2003 Jin Dayi
With the passing of the New Year (and my cold), my first post of 2013 will be from a session that happened several months ago, thanks to the generous Apache. A session with this cake is indeed towards the higher end of the generosity spectrum, as 2003 Jin Dayi [Gold] is over USD 300 per 357 gram cake, making it a rather dear session.
The dry leaves are a dark umber color and throw off a strong aged smell.
A quick rinse bumps up the aged smell. The first steep has a distant touch of astringency, which is quickly gone.
The early brews are deep in color. Whether this is do to heavy handed steeping by yours truly or due to camera magic, I am not sure. The second photo is more representative of the accurate soup color.
Pine sap wafted off of the gaiwan early in the session. The brew was tannic on the sides on the sides of the throat, with a quick huigan [sweet afterglow]. My mouth was quickly dried out after each sip, followed by a flood from my salivary glands. I noted that I did not feel the kuwei [pleasant bitterness] was very strong, until I gave a friend a sip. They had been absent from the first five brews and upon drinking the sixth steep, they exclaimed ,”Man, this is bitter!”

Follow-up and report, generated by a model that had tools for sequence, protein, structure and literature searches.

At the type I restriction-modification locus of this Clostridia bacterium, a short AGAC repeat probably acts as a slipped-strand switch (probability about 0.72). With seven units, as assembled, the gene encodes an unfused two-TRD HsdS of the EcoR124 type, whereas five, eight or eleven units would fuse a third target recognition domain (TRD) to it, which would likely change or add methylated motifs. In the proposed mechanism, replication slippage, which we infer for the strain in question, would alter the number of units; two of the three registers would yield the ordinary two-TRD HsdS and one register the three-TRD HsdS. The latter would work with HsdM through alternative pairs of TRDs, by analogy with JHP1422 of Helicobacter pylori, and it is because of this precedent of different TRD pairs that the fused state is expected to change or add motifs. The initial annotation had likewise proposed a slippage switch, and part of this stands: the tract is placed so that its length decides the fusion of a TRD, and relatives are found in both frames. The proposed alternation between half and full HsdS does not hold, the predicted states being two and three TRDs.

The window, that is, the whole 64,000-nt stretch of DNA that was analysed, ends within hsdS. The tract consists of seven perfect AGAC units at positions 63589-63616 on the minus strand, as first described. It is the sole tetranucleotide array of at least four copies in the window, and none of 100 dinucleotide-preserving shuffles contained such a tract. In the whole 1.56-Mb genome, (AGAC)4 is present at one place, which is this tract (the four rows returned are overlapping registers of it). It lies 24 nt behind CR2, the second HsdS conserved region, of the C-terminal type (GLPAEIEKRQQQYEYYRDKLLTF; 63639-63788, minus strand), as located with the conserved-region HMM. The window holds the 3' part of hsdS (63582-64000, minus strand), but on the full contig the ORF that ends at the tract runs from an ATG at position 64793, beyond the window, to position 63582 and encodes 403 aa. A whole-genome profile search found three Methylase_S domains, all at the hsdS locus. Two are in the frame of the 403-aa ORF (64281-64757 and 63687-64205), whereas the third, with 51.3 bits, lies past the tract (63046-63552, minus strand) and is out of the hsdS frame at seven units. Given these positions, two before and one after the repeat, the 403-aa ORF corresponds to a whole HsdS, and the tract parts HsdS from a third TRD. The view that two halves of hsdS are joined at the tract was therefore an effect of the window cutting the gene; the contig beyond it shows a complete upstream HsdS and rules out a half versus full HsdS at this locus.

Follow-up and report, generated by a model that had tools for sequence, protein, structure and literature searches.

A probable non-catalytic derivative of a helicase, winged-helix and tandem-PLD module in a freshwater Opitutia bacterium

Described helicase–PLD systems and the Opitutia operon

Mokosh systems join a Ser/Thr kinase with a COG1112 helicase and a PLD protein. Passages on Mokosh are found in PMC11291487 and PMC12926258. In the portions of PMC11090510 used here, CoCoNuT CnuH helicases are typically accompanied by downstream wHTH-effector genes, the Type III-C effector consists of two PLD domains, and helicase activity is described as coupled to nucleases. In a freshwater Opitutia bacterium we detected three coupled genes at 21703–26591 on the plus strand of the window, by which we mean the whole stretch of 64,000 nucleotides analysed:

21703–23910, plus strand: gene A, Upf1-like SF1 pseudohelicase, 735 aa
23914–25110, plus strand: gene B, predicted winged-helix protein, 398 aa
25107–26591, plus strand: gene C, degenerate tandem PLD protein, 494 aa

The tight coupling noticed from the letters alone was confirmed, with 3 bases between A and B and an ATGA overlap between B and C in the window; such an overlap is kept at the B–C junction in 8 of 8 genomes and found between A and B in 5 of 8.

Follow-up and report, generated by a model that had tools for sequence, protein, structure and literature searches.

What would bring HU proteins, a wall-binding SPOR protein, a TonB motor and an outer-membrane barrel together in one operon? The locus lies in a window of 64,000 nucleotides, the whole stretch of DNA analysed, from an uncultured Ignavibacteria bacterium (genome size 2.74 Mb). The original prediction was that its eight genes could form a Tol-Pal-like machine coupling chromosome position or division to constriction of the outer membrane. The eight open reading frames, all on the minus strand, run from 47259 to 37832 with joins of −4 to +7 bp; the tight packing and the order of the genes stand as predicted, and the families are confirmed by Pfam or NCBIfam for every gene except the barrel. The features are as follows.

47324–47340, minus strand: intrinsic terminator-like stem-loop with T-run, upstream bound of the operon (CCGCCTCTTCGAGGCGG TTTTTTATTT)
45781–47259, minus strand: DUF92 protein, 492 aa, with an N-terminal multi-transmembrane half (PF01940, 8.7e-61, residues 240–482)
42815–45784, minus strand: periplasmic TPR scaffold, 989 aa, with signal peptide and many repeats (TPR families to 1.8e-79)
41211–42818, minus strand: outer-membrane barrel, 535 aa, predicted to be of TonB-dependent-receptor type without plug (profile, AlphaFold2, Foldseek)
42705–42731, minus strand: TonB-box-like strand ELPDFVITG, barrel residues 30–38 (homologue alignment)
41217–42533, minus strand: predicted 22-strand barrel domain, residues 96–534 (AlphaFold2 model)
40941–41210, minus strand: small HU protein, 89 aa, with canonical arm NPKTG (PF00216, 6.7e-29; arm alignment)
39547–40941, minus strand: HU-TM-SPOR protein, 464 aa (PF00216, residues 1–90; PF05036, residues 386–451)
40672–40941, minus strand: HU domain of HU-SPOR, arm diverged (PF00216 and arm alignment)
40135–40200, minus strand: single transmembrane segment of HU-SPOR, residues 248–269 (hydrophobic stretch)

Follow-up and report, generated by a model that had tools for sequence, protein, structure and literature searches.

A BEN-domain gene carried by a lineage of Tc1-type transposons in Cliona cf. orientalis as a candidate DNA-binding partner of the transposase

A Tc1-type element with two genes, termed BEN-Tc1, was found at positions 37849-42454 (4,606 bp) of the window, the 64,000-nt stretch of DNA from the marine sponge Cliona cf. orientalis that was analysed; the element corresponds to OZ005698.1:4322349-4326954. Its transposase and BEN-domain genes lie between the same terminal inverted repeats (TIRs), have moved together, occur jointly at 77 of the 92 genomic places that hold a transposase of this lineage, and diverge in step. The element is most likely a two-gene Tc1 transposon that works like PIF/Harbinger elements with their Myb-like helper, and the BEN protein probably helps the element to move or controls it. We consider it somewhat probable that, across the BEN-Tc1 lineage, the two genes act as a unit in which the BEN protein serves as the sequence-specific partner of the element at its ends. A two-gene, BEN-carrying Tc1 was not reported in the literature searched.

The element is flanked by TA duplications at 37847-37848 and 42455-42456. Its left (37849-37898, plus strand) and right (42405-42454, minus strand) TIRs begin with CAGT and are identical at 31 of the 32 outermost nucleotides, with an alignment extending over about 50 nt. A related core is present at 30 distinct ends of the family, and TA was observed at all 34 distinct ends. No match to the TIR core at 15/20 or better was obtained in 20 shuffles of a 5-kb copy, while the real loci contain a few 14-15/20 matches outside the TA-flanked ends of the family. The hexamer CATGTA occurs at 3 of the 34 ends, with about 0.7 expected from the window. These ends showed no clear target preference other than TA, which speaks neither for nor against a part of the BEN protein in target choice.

I had noticed a sharp increase in the huigan around the third steep, but the kuwei crept up slowly across the session. I was the proverbial frog in a pot, who failed to realize the water (kuwei) was was slowly climbing to a boil.
There was a gooey presence in the throat throughout, which is something I treasure. My last scribble for the session was that I had an oversteep that evening and noted:
I failed to notice how bitter this was in the morning session
A question that several people have discussed with me is whether this tea and the 2011 Jin Dayi will follow a similar trajectory. I can not really weigh in on this issue with any accuracy, since the first time I tried the 2003 Jindayi was after it had been aged a decade. What I can attest to is the strength and enjoyment I had in both sessions. The teas are different, but their similarities are in their body. The price of both is a little off putting, but the 2011 Jin Dayi is at least in the range of most drinkers.